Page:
We’ve all had a game we loved to play – tag, Monopoly, Scrabble, just to name a few. Nowadays, games come in the palm of our hand and as fun as they are, they can be so difficult to break out of.
Shoot, score, level up, repeat.
That’s probably the mantra of every single person who has ever played a level-crunching game. We all know how fun games can be, especially so if you’re able to play them with your friends online. You get to compete, beat high scores, score new bonuses for your characters, the whole shebang. Not to mention the amazing digital graphics games offer players nowadays. It’s a wonderful world, really.
In the third book of The Plano Adventures series, The Never Ending Game, Zed gets consumed by his game and turns into a gaming addict! His twin brother, Zee, who ironically is the brother who spends more time on his Bottle-Bottle screen, panics and tries to coax him to put down his device. Zed snaps at Zee and in a strange turn of events, Zed disappears into the game itself! Professor Plano and Zee have no choice but to deep dive into the game to save Zed from the clutches of his game.
While we may not literally disappear into an actual game, metaphorically however, there are gamers who lose themselves in their games. According to Business Insider Singapore, Singaporeans spend 7.44 hours each week playing video games. What’s more shocking is that 51% of Singaporeans sacrificed sleep, over 38% skipped meals, and even 31% missed a shower just to play games. 37% even chose to play games over socialising with their loved ones. Sometimes we get sucked into our games so much so that it consumes a person’s life to the point where everything else blurs into the background. This is when the games stop being fun and start to morph into something more sinister: gaming addiction.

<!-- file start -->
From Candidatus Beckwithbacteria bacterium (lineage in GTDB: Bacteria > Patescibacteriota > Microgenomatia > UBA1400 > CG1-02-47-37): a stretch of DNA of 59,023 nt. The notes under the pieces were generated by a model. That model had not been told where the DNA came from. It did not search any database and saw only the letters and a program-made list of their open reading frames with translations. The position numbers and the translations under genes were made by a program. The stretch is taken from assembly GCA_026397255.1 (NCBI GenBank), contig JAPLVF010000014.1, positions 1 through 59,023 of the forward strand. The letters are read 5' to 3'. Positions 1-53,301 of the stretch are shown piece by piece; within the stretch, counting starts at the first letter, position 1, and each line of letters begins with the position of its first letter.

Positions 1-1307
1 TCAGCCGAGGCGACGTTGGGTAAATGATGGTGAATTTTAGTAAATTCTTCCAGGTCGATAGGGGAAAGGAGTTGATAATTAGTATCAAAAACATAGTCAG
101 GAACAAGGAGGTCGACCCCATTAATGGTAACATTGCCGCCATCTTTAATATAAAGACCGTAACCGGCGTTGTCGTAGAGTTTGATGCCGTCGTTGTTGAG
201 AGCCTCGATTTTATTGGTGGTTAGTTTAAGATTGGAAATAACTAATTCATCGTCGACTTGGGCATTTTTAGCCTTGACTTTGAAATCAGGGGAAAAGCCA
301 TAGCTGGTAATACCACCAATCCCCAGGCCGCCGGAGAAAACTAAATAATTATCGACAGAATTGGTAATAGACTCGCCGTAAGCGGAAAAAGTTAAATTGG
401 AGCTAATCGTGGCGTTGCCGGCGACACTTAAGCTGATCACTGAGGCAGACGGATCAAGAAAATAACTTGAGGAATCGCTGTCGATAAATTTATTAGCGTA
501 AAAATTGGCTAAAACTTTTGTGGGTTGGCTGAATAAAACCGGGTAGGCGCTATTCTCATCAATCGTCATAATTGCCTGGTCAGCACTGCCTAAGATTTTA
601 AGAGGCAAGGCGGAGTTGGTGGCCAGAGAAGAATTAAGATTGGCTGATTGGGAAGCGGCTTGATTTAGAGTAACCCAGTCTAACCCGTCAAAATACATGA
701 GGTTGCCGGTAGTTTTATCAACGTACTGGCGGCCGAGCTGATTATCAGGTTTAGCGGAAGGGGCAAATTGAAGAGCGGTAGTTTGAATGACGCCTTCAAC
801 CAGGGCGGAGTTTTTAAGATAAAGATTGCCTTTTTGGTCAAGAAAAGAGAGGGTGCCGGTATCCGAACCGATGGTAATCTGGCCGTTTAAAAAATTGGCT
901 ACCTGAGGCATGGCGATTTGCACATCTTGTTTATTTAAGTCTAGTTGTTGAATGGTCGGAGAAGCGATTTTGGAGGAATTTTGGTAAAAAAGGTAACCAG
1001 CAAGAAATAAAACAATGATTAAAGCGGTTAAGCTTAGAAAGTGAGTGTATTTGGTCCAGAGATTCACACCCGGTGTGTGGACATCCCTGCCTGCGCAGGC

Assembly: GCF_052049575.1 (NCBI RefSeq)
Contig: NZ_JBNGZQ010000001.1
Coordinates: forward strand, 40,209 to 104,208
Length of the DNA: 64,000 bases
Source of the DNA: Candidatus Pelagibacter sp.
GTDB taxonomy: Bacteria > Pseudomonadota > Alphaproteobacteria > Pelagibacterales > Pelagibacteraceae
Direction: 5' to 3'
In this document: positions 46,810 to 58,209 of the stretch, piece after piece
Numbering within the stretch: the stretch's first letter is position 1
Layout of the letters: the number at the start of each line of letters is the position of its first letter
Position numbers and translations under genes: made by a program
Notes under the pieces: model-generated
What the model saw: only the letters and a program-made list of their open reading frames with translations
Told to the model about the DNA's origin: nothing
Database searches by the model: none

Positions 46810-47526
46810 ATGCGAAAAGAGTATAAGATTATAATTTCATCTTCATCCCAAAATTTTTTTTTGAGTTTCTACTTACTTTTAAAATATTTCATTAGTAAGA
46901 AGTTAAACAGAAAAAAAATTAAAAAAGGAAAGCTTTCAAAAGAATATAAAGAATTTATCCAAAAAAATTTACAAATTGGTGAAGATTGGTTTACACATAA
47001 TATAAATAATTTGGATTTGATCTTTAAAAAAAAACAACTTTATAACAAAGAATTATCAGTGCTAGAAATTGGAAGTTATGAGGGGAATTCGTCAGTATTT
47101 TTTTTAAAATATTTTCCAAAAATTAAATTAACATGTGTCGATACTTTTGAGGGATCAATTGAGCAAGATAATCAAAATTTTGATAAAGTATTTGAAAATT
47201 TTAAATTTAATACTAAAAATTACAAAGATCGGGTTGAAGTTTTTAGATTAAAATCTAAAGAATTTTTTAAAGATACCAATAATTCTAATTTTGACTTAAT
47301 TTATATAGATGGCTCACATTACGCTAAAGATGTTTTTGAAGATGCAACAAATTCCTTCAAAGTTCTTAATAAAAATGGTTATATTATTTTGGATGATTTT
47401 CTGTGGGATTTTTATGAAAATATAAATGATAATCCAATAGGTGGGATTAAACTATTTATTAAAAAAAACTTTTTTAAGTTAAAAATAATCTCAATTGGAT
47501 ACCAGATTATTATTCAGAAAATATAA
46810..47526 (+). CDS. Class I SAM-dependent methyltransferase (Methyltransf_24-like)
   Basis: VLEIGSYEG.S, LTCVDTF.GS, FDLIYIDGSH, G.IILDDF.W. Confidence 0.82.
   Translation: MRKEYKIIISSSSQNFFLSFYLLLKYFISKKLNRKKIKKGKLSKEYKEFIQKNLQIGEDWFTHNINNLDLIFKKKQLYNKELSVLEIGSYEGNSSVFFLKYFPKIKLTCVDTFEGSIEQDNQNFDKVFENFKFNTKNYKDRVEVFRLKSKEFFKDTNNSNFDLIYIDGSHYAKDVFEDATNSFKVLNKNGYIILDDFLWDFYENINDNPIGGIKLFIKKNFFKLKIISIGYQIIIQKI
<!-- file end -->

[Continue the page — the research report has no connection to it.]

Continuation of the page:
Handling your gaming habits.
Gaming addiction is a serious health issue that has even been classified as a mental disorder by the World Health Organisation (WHO). As our children begin to adopt devices in this digital age, it’s important that we parents help them to manage their device use and set healthy limits on the time they spend on their games. This study found that parents should limit gaming and all other device use to 1 hour a day for children in order to prevent gaming addiction, relieve strain and stress around the eyes, and safeguard their mental health.
You could also remind your little one to practice the Clear Vision Recipe every day! The recipe is a good reminder for your child to take a break from his/her screens every half an hour for at least 2 minutes, and to place their devices at least 30cm away from the eyes. After playing a phone game for a maximum of one hour, be sure to bring your child outdoors for some fun in the sun for at least 2 hours a day. Remember, it’s also up to your little one to enact these healthy habits every day because it’s within their power.
If you would like to purchase The Never Ending Game or any of the other 4 books in The Plano Adventures book series, you may find them in Singapore at Kinokuniya, Times Bookstores, and at Popular. Alternatively, buy them online on Amazon or Book Depository.